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Clayton: Stop panicking — it will take time for Seahawks’ offense to establish identity

Seahawks QB (AP)

It’s been an interesting week for Seahawks fans.

Though the games haven’t been pretty, the Seahawks have a two-game winning streak with victories over Dallas and Arizona. What’s been unusual has been the critiques of the offense.

Some are complaining Russell Wilson isn’t running enough, while others criticize the team for not throwing more play-action passes. Some are wrongfully thinking first-round running back Rashaad Penny is a bust after four games in which he hasn’t had the chance to consistently get series of carries.

Chill.

This offense is going to take time to establish its identity. At the moment, execution is more important than creativity. During the first two games, the Seahawks didn’t run the ball. In the past two games, they have emphasized the rush and have seen back-to-back 100-yard games by running backs.

O’Neil: Seahawks’ offense not potent enough to deal with Rams

During that time, positive things started happening along the offensive line. J.R. Sweezy took over at left guard, which sets up a comfortable combination with center Justin Britt (Britt played next to Sweezy when he came into the league as a right tackle). They worked well together back then and seemed to be working well right now. Meanwhile, Germain Ifedi has quietly gotten better at right tackle.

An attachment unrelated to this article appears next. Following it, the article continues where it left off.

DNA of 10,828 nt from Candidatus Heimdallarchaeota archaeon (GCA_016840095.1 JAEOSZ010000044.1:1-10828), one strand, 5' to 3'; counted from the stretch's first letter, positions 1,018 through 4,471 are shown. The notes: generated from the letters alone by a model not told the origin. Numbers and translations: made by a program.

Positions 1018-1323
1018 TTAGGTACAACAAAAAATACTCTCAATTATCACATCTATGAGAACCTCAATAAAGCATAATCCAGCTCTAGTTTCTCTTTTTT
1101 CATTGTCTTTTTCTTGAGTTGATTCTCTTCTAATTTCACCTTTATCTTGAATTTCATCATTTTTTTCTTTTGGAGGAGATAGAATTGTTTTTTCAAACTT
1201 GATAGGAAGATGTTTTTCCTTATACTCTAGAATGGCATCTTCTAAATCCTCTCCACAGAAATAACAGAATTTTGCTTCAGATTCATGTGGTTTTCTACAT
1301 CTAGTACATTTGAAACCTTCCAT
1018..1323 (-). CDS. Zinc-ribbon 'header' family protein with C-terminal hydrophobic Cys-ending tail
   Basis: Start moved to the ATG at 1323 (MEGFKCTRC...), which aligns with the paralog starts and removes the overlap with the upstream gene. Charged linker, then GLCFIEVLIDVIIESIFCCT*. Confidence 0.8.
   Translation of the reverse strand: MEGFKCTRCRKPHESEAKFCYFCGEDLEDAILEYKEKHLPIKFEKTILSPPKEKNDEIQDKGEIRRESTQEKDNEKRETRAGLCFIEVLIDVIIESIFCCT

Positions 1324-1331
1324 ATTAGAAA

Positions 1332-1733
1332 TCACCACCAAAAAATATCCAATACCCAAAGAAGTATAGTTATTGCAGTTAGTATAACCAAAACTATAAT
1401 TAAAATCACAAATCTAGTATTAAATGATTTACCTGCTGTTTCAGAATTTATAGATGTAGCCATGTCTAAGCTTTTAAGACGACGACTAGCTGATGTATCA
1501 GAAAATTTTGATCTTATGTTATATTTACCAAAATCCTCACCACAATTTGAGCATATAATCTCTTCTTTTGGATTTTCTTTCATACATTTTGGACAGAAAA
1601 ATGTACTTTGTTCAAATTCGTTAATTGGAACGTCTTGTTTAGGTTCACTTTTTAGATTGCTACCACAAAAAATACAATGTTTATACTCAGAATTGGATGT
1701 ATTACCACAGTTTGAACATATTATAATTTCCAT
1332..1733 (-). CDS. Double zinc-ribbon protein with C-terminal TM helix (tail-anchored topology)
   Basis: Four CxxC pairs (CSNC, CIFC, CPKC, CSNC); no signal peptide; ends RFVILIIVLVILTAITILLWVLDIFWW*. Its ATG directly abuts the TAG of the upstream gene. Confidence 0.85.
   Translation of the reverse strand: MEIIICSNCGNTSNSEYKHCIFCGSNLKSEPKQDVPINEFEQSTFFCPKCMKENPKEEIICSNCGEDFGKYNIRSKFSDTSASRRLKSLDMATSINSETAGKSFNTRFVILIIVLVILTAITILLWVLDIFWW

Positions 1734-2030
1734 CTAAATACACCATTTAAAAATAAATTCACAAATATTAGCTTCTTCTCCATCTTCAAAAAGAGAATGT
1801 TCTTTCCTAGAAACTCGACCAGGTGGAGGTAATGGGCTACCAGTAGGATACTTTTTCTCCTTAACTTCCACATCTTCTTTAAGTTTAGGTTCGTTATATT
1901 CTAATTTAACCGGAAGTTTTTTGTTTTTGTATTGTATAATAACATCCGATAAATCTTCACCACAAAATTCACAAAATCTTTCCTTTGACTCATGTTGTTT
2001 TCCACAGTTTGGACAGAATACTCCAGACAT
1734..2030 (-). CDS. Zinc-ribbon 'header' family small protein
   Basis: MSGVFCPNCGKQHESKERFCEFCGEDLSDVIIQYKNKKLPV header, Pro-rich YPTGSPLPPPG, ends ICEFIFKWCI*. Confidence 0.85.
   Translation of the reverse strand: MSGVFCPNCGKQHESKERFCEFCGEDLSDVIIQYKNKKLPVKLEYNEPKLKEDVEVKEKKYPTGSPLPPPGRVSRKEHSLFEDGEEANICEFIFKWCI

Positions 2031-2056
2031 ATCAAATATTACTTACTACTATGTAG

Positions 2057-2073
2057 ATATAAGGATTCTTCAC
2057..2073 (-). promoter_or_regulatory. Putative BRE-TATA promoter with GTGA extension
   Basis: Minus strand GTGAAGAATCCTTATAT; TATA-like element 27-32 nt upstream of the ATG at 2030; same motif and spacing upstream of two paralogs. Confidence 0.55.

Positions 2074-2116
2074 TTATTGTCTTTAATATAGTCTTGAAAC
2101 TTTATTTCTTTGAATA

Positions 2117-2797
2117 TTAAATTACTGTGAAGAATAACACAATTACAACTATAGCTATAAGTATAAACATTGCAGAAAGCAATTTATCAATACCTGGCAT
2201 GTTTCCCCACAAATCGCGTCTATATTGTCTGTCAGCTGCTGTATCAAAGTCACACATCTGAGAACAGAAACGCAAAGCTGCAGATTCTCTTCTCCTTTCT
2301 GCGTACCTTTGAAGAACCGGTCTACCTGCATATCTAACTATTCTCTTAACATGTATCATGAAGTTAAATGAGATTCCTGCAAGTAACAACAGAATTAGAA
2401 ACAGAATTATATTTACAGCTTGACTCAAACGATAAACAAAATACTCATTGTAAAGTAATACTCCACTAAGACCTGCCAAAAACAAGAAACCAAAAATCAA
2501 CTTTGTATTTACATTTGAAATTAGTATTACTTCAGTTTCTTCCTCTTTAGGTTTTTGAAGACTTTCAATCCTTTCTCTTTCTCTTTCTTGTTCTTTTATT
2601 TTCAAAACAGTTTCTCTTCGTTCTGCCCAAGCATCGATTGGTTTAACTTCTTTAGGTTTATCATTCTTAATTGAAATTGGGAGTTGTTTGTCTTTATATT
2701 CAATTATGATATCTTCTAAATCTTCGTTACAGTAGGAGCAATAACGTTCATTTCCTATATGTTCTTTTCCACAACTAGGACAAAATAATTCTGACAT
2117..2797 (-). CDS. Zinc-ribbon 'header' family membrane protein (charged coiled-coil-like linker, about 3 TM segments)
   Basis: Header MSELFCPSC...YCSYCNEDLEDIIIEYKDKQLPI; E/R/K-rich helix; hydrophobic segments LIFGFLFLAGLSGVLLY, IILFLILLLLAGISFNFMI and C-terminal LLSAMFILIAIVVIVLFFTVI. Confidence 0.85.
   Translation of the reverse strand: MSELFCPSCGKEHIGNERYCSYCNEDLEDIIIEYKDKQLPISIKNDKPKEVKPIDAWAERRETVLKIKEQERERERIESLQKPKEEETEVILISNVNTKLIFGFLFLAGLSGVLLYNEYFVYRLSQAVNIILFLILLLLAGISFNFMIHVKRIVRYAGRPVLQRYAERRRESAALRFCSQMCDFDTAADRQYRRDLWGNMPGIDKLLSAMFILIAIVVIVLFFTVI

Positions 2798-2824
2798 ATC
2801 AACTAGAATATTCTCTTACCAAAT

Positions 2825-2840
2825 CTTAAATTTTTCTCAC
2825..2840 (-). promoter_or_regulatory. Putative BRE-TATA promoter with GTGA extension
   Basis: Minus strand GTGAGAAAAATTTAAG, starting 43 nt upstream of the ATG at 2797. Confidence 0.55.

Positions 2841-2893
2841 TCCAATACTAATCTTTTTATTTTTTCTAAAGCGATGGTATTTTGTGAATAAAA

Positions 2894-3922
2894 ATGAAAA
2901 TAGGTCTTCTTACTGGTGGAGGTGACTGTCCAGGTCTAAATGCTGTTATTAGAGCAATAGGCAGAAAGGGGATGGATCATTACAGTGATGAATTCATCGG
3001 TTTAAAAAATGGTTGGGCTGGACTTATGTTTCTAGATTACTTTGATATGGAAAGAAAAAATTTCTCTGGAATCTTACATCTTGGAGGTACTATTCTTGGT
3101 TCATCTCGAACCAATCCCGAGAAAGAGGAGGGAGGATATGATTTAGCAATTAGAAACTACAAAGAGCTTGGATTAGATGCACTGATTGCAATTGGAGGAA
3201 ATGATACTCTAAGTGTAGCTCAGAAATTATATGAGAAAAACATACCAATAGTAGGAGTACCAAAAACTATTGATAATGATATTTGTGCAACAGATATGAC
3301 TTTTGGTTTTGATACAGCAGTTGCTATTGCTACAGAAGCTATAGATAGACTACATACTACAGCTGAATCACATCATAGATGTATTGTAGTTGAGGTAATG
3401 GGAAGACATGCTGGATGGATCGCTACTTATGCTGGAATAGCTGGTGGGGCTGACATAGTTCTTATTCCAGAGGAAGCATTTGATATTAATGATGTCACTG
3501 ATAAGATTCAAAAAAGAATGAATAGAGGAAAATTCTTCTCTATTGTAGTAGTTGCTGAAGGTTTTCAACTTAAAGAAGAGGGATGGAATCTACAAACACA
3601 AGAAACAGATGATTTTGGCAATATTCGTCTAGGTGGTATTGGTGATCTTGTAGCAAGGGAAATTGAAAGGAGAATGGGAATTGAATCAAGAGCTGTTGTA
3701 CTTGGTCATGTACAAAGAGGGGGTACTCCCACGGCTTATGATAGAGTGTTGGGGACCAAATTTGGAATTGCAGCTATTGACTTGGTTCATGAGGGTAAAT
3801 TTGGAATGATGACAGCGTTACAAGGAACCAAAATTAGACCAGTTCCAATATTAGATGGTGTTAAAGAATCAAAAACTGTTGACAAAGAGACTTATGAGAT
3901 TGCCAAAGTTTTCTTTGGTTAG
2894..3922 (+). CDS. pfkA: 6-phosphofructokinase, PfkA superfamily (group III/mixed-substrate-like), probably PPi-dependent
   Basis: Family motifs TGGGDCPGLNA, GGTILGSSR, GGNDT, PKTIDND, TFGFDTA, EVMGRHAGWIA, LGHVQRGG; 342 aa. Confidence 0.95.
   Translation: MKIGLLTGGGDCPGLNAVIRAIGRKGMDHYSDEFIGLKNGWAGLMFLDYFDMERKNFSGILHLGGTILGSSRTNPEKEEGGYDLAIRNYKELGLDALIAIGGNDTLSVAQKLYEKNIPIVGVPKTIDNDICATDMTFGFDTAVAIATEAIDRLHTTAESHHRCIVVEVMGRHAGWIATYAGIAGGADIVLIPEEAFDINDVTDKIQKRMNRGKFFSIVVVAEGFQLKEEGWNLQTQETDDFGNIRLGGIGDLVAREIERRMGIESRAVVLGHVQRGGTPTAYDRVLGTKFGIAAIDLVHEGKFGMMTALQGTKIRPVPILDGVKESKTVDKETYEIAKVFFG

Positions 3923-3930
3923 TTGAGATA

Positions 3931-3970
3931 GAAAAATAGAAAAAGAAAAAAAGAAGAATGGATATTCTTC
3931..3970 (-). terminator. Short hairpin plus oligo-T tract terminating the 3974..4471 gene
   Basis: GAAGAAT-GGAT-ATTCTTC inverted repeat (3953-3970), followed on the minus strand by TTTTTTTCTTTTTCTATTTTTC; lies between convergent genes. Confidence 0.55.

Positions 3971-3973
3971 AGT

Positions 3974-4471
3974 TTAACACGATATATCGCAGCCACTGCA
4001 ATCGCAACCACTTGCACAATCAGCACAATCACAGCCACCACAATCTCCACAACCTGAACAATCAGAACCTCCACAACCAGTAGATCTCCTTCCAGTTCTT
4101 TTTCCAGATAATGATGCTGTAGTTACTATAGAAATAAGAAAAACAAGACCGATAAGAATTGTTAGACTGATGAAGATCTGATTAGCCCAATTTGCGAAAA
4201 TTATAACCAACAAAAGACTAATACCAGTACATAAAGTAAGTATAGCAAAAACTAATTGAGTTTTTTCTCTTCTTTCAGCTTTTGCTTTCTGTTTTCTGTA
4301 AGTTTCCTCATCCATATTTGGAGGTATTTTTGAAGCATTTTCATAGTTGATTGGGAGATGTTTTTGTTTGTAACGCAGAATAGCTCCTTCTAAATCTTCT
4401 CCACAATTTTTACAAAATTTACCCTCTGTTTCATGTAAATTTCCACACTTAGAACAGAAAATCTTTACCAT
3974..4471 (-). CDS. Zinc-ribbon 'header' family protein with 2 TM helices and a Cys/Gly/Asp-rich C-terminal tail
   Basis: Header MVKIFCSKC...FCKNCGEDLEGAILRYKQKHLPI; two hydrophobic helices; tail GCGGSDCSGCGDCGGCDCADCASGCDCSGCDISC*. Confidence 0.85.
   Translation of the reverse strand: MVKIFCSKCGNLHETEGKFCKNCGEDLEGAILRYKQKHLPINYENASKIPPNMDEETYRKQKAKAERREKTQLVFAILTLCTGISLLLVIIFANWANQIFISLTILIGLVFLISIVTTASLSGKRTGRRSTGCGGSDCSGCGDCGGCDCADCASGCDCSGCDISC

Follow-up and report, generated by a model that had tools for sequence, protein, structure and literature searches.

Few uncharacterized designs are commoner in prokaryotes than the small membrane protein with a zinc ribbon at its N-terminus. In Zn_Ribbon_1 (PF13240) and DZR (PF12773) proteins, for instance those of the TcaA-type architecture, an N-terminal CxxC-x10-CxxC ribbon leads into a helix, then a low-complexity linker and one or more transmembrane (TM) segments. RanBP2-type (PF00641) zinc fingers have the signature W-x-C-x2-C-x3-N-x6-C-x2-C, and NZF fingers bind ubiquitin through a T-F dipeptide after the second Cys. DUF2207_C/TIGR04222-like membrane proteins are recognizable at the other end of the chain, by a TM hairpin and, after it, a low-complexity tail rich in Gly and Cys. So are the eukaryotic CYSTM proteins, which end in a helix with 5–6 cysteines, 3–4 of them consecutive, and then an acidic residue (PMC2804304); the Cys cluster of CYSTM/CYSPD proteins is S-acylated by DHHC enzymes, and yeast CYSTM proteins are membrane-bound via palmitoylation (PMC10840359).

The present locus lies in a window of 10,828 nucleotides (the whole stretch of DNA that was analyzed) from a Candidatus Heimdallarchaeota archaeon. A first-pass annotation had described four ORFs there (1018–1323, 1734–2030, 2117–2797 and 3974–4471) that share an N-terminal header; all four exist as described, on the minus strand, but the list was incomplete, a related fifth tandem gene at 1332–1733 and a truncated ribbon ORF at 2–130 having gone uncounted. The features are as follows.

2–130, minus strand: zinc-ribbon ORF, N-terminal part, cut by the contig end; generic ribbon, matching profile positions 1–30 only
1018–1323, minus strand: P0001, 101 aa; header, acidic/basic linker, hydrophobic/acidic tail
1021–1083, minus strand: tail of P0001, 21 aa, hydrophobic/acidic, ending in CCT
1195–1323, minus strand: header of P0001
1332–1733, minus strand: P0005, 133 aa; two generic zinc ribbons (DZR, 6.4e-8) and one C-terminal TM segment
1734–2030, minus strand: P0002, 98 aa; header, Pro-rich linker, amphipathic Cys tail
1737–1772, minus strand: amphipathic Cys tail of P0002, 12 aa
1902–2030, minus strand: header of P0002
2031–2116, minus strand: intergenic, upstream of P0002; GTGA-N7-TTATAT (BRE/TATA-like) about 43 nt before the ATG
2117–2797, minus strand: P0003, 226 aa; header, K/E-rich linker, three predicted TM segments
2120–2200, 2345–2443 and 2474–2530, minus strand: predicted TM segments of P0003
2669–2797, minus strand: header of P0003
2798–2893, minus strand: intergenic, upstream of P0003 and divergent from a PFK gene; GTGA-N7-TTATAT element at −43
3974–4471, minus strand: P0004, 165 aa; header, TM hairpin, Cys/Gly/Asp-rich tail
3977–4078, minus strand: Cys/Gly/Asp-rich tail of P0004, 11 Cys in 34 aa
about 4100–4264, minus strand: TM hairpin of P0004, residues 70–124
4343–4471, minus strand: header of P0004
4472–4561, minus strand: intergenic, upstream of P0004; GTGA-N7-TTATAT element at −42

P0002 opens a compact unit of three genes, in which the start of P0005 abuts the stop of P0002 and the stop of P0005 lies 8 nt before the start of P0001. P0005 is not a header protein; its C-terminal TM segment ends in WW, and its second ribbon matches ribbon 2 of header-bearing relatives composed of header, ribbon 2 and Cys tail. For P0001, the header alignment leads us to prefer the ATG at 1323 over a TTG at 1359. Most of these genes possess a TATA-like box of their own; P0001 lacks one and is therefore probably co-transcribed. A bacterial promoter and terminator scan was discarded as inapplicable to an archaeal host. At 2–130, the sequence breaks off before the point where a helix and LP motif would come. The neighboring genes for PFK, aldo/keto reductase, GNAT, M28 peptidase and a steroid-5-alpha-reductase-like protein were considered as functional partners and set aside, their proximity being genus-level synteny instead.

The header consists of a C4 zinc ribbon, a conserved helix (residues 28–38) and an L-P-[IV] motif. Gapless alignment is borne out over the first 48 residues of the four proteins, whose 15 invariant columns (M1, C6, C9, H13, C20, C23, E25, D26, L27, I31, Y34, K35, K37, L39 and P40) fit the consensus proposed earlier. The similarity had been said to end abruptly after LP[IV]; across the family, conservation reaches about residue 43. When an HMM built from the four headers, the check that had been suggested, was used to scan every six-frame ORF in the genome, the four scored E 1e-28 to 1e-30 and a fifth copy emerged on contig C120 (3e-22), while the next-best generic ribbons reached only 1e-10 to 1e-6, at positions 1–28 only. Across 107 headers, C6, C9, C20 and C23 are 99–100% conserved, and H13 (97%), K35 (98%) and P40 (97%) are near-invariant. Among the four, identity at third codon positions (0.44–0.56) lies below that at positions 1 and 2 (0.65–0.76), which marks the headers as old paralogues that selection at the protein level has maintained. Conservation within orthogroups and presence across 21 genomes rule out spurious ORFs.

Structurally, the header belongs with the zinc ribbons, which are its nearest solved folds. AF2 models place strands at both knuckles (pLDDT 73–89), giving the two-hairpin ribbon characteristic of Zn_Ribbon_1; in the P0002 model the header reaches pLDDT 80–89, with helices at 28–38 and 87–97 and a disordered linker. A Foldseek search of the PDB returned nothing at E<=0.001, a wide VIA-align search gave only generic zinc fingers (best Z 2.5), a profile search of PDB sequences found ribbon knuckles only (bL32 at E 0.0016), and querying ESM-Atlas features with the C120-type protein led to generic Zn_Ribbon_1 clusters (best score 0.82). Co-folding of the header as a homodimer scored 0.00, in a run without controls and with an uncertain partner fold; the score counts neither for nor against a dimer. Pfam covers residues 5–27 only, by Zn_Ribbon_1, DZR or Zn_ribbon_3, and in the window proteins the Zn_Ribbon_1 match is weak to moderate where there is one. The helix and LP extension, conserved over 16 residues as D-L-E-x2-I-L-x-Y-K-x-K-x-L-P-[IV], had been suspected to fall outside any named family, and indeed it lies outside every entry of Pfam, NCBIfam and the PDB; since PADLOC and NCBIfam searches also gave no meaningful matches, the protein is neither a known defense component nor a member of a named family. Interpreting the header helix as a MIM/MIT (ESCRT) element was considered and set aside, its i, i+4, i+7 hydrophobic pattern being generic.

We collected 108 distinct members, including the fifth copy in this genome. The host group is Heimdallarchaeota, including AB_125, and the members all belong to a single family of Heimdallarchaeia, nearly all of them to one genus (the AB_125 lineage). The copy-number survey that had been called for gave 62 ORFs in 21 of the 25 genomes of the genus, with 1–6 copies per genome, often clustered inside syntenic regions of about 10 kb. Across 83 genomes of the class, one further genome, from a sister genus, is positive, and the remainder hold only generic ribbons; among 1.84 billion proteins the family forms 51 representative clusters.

The Rams come to town with everything going their way. They have the league’s hottest offense and a much improved defense.

Here are some things to watch:

• The Seahawks defense will have to be creative to contain the Rams’ prolific offense. Los Angeles is leading the league in the use of three-receiver sets. That figures — they are great with Robert Woods, Brandin Cooks and Cooper Kupp. They’ve run 242 plays (60.5%) out of the “11” formation. No other team has more than 200.

That’s where creativity will be in vogue. K.J. Wright remains out at weakside linebacker because of a knee injury. Mychal Kendricks filled in for three weeks but he’s now suspended. That leaves Austin Calitro. My guess is the Seahawks will use mostly nickel defense mixed in with some three safety looks. The Seahawks brought back safety Maurice Alexander and actually listed him as a weakside linebacker. He did some work at big nickel during the preseason. Plus, he’s a former Ram and a veteran.

• The one way the Seahawks could win is to run the ball and run it a lot. Brian Schottenheimer loves the formula of having a combination of running play and pass completions that total 53. To have a chance, the Seahawks must come close to that number. They don’t need to worry as much about the average gain per carry; they just need 30 to 35 running plays. They’ll have the options of using a now-healthy Chris Carson, Mike Davis, and Penny.

• After losing tight end Will Dissly in the Cardinals game, the Seahawks had to use tackle George Fant as their backup tight end. Fant is probably going to be the backup Sunday, although they also brought Darrell Daniels off the practice squad to help out. Fant played tight end in college, but he would only be a blocking tight end if used. Overall, the team is gaining more confidence in Fant and he’s knocking on the door for playing time.

• Doug Baldwin helped Russell Wilson’s completion percentage with his return against the Cardinals. He should add more this week. Brandon Marshall has struggled the last couple of weeks catching the ball. If that continues, David Moore could get more playing time.

• Rams coach Sean McVay will do his best to confuse free safety Tedric Thompson now that he’s taking over for an injured Earl Thomas. McVay’s game is using decoy routes and motion to open up the offense. Thompson can’t bite too much off the motion or he will be beaten deep.

John Clayton on 710 ESPN Seattle
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